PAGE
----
AMDEA response to consultation on the proposed Zero Waste (Scotland) Regulations 2011

28 February 2011

While we support the segregation of food waste and our comments are primarily related to this aspect of the consultation, our members' products are also subject to the WEEE (Waste Electrical and Electronic Equipment) Regulations and it is possible that impending changes to these Regulations will have an impact on Local Authorities. In these times of severe reductions in funding for public services it is important to understand the implications for the domestic waste stream and for consumer attitudes to recycling.

However, in terms of this consultation we have commented on those questions that we feel are most pertinent to our industry: 


1. Are there any other materials or waste streams which should be included in these requirements to sort and separately collect?

We would not wish to see an automatic assumption that separated food waste implies a separate kerbside collection as we are concerned that the use of FWD should not be viewed as a secondary method of dealing with food waste.

We are particularly concerned that the drive to reduce waste to landfill should not preclude consideration of waste as a resource. Food waste has value for biogas and fertiliser and its value is enhanced where it can be isolated from other waste streams and contamination.

In terms of maximising waste segregation it is not necessarily helpful to require multiple waste streams to be separated but we would emphasise the necessity for food waste to be separated from otherwise recyclable packaging to fulfill its full potential as a resource.

2. Food waste is required to be presented in a dedicated container. Are there any other recyclable materials which should be sorted and presented separately for collection in a dedicated container?

Again we would argue that food waste does not have to be presented in a separate container if a FWD is used.  Where a dedicated container is supplied the householder needs to understand that it can only take food waste and that the inclusion of other materials (including liners) affects the viability of the segregate for composting/energy extraction.  Likewise packaging made of recyclable materials that is contaminated by contact with food waste should not be included in dry recyclable containers.  This adds a level of complexity to the process of household waste segregation which is yet another disincentive for that householder.  Given that research has also shown that people who live in flats are less likely to recycle at all, it would be unrealistic to specify means of segregation too narrowly.  There is also an issue with oil and fat since householders are unlikely to put e.g. oil or milk into a food caddy and will continue to pour it down their drains to the detriment of the sewage system.  This is also something that FWD can eliminate.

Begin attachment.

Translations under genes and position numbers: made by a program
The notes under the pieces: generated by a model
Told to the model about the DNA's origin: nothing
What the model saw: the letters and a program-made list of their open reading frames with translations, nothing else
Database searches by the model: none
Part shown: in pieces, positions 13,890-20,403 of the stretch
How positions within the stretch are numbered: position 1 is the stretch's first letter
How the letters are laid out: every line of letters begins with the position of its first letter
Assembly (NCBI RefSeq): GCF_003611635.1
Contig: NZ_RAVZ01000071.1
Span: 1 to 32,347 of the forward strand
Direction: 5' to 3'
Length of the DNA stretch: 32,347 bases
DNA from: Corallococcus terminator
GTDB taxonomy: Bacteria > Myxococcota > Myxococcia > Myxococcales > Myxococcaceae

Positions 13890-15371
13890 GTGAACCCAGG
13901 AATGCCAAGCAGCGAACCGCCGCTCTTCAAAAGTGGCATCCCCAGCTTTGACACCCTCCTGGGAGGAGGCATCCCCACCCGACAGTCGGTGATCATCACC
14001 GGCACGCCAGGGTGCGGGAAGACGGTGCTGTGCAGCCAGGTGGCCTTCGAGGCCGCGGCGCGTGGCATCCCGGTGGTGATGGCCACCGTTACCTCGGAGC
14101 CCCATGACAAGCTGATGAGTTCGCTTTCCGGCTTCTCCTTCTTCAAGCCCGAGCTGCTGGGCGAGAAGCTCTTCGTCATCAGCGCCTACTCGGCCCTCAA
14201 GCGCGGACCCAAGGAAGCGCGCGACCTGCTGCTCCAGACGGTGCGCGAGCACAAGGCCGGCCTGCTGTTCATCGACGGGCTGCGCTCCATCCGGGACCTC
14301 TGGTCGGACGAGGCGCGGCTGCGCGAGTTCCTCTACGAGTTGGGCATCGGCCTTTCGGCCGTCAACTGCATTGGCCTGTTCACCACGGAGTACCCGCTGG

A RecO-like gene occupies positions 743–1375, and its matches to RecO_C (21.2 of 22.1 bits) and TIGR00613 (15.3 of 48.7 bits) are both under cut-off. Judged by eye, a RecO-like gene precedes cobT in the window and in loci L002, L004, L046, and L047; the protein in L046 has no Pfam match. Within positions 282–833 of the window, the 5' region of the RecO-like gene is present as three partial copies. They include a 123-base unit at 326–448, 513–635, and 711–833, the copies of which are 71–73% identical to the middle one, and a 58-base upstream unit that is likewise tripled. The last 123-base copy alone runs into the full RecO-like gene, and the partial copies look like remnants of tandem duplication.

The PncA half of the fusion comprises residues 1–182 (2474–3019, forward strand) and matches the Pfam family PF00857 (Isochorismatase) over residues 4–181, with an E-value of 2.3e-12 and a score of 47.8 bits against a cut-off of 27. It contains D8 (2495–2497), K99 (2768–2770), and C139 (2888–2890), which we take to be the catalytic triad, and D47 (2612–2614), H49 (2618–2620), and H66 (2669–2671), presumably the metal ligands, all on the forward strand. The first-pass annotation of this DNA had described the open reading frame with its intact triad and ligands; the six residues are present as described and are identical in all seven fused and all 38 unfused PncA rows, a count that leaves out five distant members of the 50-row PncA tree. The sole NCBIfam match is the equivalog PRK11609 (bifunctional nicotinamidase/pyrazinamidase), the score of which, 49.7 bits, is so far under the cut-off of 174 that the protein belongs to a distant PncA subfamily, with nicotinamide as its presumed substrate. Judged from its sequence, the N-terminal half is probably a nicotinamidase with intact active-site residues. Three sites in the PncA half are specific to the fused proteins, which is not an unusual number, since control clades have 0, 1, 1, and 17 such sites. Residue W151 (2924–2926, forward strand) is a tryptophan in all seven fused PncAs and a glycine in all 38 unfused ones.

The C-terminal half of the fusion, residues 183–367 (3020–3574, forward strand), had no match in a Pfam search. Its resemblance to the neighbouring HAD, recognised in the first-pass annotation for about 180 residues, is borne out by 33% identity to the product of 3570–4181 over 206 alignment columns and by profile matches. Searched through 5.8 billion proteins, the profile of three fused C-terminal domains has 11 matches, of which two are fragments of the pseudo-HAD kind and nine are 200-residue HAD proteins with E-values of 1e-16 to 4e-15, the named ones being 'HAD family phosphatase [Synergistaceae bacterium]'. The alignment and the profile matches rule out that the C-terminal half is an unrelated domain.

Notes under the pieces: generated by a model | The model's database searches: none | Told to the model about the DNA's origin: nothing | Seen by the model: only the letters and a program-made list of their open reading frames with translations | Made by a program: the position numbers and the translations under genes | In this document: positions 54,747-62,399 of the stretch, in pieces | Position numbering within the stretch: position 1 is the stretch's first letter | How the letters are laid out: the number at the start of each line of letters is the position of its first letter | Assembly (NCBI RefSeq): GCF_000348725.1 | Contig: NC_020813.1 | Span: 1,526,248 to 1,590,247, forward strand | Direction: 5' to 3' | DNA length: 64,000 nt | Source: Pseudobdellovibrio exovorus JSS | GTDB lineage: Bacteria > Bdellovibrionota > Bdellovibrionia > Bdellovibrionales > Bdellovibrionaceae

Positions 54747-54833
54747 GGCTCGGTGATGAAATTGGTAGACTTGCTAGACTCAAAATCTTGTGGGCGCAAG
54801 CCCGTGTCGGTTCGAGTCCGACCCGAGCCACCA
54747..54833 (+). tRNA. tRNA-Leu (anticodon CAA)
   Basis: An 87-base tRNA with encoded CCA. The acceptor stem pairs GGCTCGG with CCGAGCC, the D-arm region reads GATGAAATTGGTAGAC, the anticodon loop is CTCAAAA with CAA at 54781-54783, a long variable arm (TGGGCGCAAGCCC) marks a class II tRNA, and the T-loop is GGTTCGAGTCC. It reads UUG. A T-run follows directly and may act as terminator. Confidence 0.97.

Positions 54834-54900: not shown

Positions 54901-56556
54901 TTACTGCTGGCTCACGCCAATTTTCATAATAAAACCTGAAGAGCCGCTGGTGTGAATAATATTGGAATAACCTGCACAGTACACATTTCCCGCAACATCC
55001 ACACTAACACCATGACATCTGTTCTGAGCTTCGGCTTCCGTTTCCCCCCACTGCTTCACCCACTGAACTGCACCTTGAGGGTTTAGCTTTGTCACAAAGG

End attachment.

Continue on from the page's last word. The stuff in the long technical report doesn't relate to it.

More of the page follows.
4. Do consultees consider that the Government should mandate more specifically what actions waste collection authorities must take to improve recycling of waste from households? If so, what are they?

In areas with high rise, multiple occupancy and/or properties with no external amenity space it will always be much more difficult for householders to segregate waste.  The Government could recommend different options but the precise options selected by a waste authority need to be flexible.   It should not be the case that reducing waste to landfill outweighs the dictates of public health concerns and in any case a too prescriptive approach risks alienating householders.